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Bridge Winners Profile for Stefan Ralescu

Stefan Ralescu
Stefan Ralescu
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Basic Information

Member Since
Aug. 3, 2010
Last Seen
May 10
Member Type
Bridge Player
Country
United States of America

Bridge Information

Bridge Accomplishments
The Bridge World
ACBL Ranking
Life Master
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Compound Squeeze ?
Very nice. This is probably a Hedgehog Squeeze first analyzed by Hugh Darwen in the late 60th. Actually, a spade opening lead would indeed kill the squeeze, but a heart will not do the job. On a heart lead, you win the ace, run diamonds and on the penultimate diamond ...
You got your lead, now what?
Sorry Garry, you are miscounting, the defense will not be able to collect two club tricks.
You got your lead, now what?
BTW, I should have pointed out that when East ducks the club at trick 5 and South runs his remaining trumps, the last trump catches West in a Wombat!
You got your lead, now what?
No, I don’t thinks so. If East ducks the club, South plays all his remaining trumps, keeping Axx of clubs and the ace of hearts, while North remains with Q-x of hearts, the diamond ace, and the jack of clubs. What are West’s four remaining cards?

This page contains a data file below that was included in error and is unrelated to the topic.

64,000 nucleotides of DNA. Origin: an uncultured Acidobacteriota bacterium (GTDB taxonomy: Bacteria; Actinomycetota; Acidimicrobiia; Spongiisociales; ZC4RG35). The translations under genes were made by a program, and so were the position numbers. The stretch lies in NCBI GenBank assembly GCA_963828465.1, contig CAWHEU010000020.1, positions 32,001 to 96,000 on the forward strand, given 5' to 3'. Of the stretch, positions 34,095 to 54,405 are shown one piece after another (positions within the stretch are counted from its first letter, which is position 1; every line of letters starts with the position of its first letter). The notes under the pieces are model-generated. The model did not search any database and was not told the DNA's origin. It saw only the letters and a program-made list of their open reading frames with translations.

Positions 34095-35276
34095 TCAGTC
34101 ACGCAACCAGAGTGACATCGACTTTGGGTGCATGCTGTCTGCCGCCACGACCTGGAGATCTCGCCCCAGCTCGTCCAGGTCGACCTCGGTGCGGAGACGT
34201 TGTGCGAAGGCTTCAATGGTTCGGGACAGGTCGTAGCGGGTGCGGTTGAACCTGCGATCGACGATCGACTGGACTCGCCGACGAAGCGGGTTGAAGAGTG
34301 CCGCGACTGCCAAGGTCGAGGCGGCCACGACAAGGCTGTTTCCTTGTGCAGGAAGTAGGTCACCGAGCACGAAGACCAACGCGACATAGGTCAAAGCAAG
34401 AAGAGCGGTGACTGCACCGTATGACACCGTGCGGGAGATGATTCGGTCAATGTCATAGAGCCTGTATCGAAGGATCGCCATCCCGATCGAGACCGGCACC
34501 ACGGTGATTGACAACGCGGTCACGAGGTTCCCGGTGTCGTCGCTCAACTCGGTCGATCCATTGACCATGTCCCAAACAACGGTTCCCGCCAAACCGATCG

You got your lead, now what?
If East ducks the club, it appears the ten tricks is a maximum. However, you can overcome this defense by running the remaining trumps. The play of the last trump inexorably squeezes West in the rounded suits, as he will be compelled to find a discard from K-x of hearts ...
Smother Play
Well done trying for a smother play even if you weren’t successful. Let’s make an adjustment to the full deal shown on page 2, giving North AQ3, KQ2, J74, AK106 and East 8, A1054, Q10983, Q95 (with the West and South hands remaining unchanged). Assuming the same defense ...
An ending in search of a name
Nice deal and analysis. In the five-card ending, when the heart is led from dummy at trick 10, East is under attack by a ruffing Hippopotamus, threatened by a split vise menace in clubs. Barry Rigal and I wrote a series of articles (titled “Hippopotamuses”) on this kind of squeezes ...
Trust the Defender
This is a summary of the play at the table: diamond ace, spade queen, diamond king, spade ace, diamond queen, club king, club ten, spade king. “Suppose East started with king-doubleton of hearts”, writes Kit. “You ruff with the 8, and West overruffs with the 9. But you will be ...
Trust the Defender
Ruffing choices ? On the line described, I don’t see how ruffing with the 8 could be more beneficial than ruffing with the 10.
Two from the LM Pairs
After A-K-Q of clubs and a spade return, why not play spade ace, diamond ace, spade ruff, diamond king, heart ace, spade ruff. If the king drops, draw trumps ending in dummy and claim. If the king doesn’t fall, you have a complete cross-ruff as long as West is ...
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